One of my first published pieces in an HR magazine was on the topic of internal capabilities being right down the hall. Published in World at Work’s WorkSpan in March of 2008 as a First person editorial. I had stated; “when did business forget that the people who know best work within its own four walls?”
Now I want to revisit the topic, but instead of “consulting” on a project, I want to talk about hiring for open positions. The same rules apply. Before looking to the outside to fill positions you should look inside first.
Recently I had my own personal experience with being snubbed for an internal role at Adelphi University where I teach one or two classes a semester in the business school.
As many of you know I have been an adjunct there for several yrs. I love the classroom and more importantly the students. I am refered to as the “HR guy” by administration and some of the faculty. If I could have a do over in life, I would have worked towards a PHD years ago, and I would be teaching full time right now…
In 2012 I was recognized for HR innovation by HR Executive Magazine, when I “Traded Places” with Professor Hyland, a well respected HR professor at the University. She worked her sabbatical in my HR group at Marcum. I taught one of her classes in the MBA program. You can read the article here.
In 2013 I was awarded the University’s Teaching Excellence award for my innovation in the classroom. I was the first Business School professor to be recognized for this prestigious award in over a decade.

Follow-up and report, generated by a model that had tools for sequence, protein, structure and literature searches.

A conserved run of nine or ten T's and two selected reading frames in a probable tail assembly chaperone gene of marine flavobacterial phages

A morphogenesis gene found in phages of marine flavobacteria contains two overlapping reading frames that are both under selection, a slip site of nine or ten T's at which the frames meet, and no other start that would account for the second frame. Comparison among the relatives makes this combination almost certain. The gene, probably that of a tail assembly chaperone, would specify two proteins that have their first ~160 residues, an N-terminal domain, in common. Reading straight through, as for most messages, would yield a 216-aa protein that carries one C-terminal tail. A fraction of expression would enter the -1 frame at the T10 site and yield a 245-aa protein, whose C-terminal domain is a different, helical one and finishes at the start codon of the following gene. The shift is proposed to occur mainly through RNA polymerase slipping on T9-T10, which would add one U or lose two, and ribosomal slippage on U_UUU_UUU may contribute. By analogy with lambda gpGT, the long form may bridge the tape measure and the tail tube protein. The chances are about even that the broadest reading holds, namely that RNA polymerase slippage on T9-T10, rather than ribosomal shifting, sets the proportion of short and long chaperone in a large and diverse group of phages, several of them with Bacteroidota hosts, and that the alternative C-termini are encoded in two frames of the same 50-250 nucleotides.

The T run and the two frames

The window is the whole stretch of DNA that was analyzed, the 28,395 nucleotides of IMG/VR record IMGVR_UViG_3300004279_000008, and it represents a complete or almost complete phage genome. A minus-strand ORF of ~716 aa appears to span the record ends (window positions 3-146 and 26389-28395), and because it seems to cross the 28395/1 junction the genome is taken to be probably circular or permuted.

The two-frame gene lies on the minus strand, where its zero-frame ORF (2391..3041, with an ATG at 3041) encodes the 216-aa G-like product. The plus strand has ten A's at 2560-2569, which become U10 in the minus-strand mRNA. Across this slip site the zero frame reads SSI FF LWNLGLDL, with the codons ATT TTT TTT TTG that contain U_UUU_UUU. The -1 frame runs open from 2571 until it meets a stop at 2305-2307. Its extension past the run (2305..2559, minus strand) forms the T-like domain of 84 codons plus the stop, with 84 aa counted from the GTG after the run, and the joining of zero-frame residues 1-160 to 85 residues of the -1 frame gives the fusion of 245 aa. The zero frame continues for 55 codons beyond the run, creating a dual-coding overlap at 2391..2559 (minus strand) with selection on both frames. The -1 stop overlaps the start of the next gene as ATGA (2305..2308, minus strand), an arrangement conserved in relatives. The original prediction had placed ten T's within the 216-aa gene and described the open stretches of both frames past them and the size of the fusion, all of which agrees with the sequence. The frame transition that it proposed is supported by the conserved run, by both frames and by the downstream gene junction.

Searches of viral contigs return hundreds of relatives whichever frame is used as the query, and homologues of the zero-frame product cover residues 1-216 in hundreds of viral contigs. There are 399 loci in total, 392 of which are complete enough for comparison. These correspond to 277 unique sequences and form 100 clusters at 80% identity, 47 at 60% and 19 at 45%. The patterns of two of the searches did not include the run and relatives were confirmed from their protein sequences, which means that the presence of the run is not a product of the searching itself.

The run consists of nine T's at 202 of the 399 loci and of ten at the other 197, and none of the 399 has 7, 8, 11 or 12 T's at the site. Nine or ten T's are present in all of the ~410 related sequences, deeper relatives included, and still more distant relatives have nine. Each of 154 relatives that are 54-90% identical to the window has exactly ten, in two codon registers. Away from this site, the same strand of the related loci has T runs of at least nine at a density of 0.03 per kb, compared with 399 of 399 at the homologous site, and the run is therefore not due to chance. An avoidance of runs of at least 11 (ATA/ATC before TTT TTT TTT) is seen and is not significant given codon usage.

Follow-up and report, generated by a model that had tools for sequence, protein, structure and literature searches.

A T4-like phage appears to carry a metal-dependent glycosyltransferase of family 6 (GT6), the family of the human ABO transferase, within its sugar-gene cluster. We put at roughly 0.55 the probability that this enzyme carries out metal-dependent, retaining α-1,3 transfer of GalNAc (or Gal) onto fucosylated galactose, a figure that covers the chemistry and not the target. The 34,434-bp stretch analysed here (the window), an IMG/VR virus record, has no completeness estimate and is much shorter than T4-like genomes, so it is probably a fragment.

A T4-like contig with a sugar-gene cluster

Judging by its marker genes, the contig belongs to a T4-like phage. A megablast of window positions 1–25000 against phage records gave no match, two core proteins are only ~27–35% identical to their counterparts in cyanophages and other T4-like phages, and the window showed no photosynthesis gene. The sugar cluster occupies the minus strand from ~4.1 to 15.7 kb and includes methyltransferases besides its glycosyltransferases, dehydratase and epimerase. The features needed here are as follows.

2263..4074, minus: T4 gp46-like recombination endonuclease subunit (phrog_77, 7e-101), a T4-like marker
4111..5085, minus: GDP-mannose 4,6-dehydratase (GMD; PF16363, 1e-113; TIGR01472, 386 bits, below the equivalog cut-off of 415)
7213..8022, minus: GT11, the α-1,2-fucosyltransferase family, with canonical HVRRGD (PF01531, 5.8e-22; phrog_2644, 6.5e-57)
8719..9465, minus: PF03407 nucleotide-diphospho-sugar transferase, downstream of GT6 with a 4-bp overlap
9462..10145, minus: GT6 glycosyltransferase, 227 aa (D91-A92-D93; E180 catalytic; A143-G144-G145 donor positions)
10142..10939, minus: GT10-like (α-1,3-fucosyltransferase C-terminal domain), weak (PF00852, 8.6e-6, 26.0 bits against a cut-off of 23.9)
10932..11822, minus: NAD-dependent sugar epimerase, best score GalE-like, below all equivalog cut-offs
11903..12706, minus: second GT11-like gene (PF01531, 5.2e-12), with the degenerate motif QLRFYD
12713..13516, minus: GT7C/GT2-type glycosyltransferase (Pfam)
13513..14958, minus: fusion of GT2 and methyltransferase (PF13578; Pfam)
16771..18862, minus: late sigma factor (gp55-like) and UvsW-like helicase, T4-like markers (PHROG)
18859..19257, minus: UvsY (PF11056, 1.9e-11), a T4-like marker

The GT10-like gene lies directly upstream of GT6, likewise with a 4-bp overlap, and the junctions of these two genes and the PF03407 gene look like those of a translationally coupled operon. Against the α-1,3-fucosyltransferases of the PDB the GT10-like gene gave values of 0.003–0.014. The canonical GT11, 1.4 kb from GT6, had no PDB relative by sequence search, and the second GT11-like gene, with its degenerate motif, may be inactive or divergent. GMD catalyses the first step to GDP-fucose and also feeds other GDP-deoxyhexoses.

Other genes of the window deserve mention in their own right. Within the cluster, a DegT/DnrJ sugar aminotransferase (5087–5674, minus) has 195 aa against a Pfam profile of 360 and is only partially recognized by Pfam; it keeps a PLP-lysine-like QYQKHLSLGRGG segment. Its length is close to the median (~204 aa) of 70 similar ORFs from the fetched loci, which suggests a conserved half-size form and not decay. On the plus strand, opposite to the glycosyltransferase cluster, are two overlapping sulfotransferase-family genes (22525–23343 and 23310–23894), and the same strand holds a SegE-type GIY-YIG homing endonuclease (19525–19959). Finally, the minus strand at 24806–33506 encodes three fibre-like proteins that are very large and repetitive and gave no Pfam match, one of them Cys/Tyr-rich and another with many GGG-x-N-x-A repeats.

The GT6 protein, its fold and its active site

I often help my students navigate the real world of work. Whether it be job search and interview coaching, letters of recommendation, networking to HR folks, or mentoring on a myriad of life/work issues.
And the icing on the cake is I regularly receive some of the highest student ratings year after year in the Business school.
So, one might think when I applied for not one but two different full time roles in the Business school this past year I would at least be considered.
Well not only was I not considered, I never was asked to interview, I never received an email, a phone call, or a courtesy conversation by the Dean or the HR department. Not even a “Dear John” rejection letter . Zero communication…..
Now with all my years leading HR functions across multiple industries, I can say personally that I would never allow this to happen to an internal applicant. Putting aside policy and protocol, you just don’t treat an employee this way, even if they are not the most qualified or the best choice.
You show them decency and respect. You act ethically and humanly by communicating with them. If they fall short in an area they can work on you make sure they get positive feedback and some direction for the future. You turn a disappointment into a positive feedback opportunity. You close the loop.